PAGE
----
My father was a phenomenal photographer. He took his camera everywhere and documented the ordinary. He took photos of relatives, neighbors, door-to-door salesmen and anyone else that crossed his path or entered our home. He had a way of drawing people out and making photographs that revealed their personality, quirks and all. I used to look at his photos in magazines and newspapers and his boxes and albums of photos over and over, the way a child does with a favorite storybook. Everyone that came to our home did the same thing. They would pick up an album and reminisce about the people and places they knew and ask for the story behind those they didn’t know.

When I was 14, I asked to use my father’s camera so I could make my own photo albums full of the people, places and stories that meant something to me. He wasn’t partial to me handling his equipment, so he bought a camera for me and taught me how to expose, compose, develop film and print. I’ve been documenting the ordinary ever since.

I’m drawn to the sights, ideas and experiences that most people readily dismiss as insignificant. Things that are so common or second nature that they are not noticed. In my mind, these are the things that define a person, place and time and tell a story. These are the nuances of life that fade and disappear with the passing of time. These are the things I want to remember with photographs.

In my late teens and early twenties, I thought I needed to document exotic places and exciting events. The resulting photographs rarely interested me unless people were in them doing something very ordinary. The scenic postcard type of photo does not resonate with me. I need human or animal interaction to hold my interest. I need to tell a story.

The best way for me to tell a story is in a series. I usually work on two or three concurrently, with one on the front burner and the others simmering in back. Elements from one series segue into the next. The “Mama Love” series is currently on the front burner. It’s an offshoot of a pregnancy series that began several years ago. As a thank you gift, I invited the women to return to my studio for portraits after they had their babies. During the photo sessions, the new mothers expressed amazement at the magnitude of the feelings they experienced after giving birth. I felt that their casual, seemingly insignificant expressions and the resulting images were far more moving and powerful than the series of pregnancy photographs I was working on, so I switched gears and began inviting women to the studio to be photographed with their infants and to comment on their feelings about motherhood. This series aspires to give the viewer a glimpse into the special bond between mothers and their children. The women are not portrayed as madonnas or mother goddesses to be idolized. They are fully human, expressing the complexities of parenthood.

While photographing women for “Mama Love” the related series “Nurture” emerged. Many crying babies were bottle and breastfed during the photo sessions. This was a great relief to me since a happy baby resulted. Most of the breastfeeding moms gave permission to continue photographing while they fed. The images reveal an even deeper connection between mother and child. The calm contentment of both mother and child is heartwarming and powerful. Several of the breastfeeding images have been used by national and international health organizations to raise awareness of the health, psychological and financial benefits of breastfeeding. As health care becomes less available and affordable, breastfeeding is one way to give a child a healthy advantage. “Nurture” will be used to advocate breastfeeding, particularly in low-income communities with high rates of formula fed babies.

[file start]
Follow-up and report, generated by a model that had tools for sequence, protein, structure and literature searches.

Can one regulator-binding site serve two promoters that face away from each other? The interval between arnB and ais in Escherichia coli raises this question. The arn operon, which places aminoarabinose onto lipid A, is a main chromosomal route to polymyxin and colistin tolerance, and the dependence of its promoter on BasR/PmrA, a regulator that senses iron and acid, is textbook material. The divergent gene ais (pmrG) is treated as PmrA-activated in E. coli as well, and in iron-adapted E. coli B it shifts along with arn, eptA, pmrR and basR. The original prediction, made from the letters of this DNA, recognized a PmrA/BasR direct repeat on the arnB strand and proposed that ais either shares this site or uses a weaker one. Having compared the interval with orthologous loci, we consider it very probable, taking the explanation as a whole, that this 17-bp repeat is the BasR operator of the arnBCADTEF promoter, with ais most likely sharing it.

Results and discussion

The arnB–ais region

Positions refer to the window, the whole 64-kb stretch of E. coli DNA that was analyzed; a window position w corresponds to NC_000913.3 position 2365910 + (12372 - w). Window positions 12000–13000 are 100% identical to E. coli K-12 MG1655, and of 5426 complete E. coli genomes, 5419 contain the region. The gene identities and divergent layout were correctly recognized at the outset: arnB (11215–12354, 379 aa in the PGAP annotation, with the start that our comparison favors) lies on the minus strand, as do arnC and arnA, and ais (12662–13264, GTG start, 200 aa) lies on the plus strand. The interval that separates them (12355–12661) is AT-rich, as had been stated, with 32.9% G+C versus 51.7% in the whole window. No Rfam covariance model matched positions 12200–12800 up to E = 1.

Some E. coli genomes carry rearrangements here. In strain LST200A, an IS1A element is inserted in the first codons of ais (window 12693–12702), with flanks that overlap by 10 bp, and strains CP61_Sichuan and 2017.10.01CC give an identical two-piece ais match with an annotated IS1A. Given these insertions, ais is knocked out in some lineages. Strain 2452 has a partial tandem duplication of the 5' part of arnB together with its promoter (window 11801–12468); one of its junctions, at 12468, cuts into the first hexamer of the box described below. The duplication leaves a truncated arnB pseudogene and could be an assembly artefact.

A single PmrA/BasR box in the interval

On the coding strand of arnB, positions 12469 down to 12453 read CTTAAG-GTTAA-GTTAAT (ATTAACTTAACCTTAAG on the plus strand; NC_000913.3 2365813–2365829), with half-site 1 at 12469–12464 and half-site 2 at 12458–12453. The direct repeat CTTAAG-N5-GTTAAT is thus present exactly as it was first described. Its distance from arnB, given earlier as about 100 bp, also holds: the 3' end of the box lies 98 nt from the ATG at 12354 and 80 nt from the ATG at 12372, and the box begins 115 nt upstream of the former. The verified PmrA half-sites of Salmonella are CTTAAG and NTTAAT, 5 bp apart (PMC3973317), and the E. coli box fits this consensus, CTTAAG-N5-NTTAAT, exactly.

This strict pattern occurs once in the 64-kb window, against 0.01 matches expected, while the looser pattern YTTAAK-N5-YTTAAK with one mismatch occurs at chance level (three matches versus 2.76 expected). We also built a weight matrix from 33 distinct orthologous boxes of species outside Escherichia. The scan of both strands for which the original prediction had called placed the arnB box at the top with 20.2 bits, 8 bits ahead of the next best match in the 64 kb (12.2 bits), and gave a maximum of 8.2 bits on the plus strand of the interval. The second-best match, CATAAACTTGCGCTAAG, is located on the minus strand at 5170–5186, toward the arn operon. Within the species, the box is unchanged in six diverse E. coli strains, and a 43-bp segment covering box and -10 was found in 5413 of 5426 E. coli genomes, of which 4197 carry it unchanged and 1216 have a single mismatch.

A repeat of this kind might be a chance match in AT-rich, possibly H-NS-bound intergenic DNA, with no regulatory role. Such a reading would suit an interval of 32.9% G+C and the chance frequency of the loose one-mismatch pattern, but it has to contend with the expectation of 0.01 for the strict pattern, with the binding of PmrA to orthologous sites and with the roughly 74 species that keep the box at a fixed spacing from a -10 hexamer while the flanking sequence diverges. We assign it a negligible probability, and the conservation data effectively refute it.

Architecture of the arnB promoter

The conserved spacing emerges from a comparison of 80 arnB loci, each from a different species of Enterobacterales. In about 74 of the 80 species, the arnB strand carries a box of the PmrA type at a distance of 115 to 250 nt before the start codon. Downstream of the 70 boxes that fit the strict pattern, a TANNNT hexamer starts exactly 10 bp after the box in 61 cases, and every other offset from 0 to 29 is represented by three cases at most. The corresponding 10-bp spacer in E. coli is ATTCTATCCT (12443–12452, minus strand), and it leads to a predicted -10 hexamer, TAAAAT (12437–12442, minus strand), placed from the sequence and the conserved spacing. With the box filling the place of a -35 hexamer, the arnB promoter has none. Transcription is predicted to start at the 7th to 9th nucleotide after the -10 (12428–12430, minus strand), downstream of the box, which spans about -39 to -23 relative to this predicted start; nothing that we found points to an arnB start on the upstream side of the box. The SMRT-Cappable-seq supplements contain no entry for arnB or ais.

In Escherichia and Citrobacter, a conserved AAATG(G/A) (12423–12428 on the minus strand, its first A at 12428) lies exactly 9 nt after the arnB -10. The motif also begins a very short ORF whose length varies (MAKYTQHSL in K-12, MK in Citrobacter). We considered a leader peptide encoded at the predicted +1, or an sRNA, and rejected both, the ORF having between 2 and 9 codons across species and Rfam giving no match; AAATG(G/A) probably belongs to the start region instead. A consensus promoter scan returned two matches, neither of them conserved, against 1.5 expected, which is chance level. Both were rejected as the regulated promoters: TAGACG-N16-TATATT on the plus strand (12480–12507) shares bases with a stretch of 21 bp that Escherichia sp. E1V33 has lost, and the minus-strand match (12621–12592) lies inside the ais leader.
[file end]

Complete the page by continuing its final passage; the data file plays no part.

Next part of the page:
Further development and promotion of the “Nurture” series is on the back burner for now along with the pregnancy series. “Mama Love” will be self published in book form in the near future. What pleases me most is that the book has the same effect effect on me as my father’s photo albums. I look at the images over and over, remembering the ordinary stories and conversations with extraordinary people.

Camille Mosley-Pasley studied Commercial Photography at Penn Career Center, a vocational high school in Washington, DC and earned a BFA in Fine Art from the Corcoran College of Art & Design with an emphasis on sculpture and photography. For many years she served as director for two DC area galleries. Currently, she owns and operates a photography studio, serves as chair of Market 5 Gallery, a non-profit alternative arts organization, is an art consultant and independent curator. Through her ongoing documentary series Transcendence and Mama Love, she preserves the small, often ignored details of daily life that define her culture.

Edited by Ellyn Weiss

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